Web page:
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  • Susan Ramsey

Medical Directors

In substance abuse treatment centers, the medical director is responsible for overseeing all medical services delivered by a provider. Some of these responsibilities include developing and revising facility policies, implementing procedures that provide a means for the detection and referral of health problems, and oversight of both medical and non-medical personnel. Given the significance of these duties, a capable and qualified medical director is essential—not only to treatment center operations but also to the safety and welfare of its patients.



Legal Requirements for Facilities


Under Florida’s administrative rules governing substance abuse service providers, “[a] provider may not operate without a medical director on staff at any time”—the foregoing directive applying to only those facilities offering certain treatment components including detoxification, inpatient and residential treatment, and medication-assisted treatment for opioid addiction. Still, providers operating components that are not among those listed (e.g., outpatient treatment), must have “access to a physician through a written agreement who will be available to consult on any medical services required by individuals involved in those components.” Under the rules, these consulting physicians effectively take the place of a medical director and must adhere to all of the same requirements and restrictions. In other words, Florida law requires that all substance abuse treatment providers, regardless of the type of treatment offered, designate a health care professional to oversee and be responsible for medical services.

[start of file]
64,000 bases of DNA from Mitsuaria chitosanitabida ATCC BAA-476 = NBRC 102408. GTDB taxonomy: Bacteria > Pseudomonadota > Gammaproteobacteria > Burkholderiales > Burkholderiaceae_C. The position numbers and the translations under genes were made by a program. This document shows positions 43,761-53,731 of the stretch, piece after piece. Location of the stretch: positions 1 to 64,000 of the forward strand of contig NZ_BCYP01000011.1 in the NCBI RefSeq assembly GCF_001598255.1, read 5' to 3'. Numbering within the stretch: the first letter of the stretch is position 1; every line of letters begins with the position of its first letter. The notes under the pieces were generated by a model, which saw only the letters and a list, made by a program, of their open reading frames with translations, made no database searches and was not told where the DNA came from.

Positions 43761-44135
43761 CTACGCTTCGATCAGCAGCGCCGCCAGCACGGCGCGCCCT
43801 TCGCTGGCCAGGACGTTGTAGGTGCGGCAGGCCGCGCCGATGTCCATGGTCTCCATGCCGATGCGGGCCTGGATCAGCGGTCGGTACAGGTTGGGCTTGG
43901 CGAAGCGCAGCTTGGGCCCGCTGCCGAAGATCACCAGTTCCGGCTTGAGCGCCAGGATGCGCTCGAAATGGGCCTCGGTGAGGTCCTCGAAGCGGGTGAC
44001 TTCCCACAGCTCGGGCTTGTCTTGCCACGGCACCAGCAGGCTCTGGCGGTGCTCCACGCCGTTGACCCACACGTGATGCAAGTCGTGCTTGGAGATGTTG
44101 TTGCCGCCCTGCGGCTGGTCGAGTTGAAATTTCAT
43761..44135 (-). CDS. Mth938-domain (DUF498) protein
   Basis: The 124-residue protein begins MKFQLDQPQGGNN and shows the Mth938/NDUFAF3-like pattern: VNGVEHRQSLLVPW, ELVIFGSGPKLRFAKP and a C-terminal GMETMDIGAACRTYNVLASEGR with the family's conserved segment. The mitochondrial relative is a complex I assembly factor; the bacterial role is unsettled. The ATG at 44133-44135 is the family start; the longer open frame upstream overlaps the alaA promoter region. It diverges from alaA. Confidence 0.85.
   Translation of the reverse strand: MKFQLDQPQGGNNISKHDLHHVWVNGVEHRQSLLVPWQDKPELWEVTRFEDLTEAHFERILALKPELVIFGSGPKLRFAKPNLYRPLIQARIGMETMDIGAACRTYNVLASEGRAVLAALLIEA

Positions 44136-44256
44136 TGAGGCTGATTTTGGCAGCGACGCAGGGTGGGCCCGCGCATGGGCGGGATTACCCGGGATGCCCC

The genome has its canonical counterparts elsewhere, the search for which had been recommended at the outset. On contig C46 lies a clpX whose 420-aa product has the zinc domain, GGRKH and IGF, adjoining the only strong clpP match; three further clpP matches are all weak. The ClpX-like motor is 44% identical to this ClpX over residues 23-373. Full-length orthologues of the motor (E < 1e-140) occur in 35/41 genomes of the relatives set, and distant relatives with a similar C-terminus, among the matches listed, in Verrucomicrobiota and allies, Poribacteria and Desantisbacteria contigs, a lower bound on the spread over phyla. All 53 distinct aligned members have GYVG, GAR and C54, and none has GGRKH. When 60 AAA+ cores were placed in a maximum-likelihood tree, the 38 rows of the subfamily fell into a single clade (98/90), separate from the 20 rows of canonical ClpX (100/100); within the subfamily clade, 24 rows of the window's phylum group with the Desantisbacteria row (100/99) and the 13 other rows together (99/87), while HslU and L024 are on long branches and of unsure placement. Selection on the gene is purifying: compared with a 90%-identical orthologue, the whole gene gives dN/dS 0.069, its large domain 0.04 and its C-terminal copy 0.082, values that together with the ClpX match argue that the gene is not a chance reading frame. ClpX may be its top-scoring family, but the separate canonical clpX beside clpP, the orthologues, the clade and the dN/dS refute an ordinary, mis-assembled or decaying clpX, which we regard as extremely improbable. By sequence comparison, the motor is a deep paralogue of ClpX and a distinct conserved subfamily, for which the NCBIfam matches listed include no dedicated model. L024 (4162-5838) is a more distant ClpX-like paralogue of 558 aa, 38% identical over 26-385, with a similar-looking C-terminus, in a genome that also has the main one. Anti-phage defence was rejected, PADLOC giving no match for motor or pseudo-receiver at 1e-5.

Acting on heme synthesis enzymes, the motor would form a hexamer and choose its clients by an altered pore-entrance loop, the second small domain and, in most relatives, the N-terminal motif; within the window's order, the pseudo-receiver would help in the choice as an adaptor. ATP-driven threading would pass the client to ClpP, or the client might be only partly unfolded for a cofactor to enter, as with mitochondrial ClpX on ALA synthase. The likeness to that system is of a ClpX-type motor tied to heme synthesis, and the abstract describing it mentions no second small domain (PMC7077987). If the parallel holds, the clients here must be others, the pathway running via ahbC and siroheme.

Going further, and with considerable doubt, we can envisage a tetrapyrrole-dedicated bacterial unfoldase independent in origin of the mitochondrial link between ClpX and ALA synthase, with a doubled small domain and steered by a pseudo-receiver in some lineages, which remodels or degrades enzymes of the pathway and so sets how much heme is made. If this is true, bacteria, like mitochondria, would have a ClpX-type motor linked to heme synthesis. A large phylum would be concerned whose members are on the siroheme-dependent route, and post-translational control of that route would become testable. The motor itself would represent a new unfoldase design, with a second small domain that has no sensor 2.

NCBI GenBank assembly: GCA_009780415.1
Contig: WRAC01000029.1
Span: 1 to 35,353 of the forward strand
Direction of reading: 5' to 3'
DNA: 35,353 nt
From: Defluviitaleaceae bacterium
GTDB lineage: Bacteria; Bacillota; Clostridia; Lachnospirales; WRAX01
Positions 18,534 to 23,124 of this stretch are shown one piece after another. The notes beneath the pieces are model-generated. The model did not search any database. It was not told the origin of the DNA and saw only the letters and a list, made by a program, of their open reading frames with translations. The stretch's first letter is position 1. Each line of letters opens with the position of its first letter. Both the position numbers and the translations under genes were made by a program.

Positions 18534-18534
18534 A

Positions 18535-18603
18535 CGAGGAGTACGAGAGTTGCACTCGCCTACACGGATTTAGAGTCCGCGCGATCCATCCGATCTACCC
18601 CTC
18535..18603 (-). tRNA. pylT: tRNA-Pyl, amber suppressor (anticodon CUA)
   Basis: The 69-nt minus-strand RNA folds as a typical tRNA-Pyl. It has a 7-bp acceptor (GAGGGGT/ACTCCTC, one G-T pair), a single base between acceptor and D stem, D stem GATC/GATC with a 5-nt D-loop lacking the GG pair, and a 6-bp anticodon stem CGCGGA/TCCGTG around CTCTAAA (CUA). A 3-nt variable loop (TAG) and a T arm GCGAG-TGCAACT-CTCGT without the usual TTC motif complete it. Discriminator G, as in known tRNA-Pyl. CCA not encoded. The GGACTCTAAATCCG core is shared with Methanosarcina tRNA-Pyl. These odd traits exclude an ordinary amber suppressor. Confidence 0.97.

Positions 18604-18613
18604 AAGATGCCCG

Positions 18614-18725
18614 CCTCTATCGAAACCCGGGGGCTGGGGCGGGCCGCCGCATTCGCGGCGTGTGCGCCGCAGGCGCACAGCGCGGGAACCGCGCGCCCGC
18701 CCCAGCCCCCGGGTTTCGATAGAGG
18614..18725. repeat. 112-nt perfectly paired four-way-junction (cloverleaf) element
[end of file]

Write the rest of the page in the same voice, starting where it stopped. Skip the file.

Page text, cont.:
Necessary Qualifications and Responsibilities


Persons eligible for the position of medical director include health care practitioners that hold an active Florida license in the practice of either medicine or osteopathic medicine. Furthermore, the physician’s medical license must be free from any encumbrances, including suspension and non-renewal.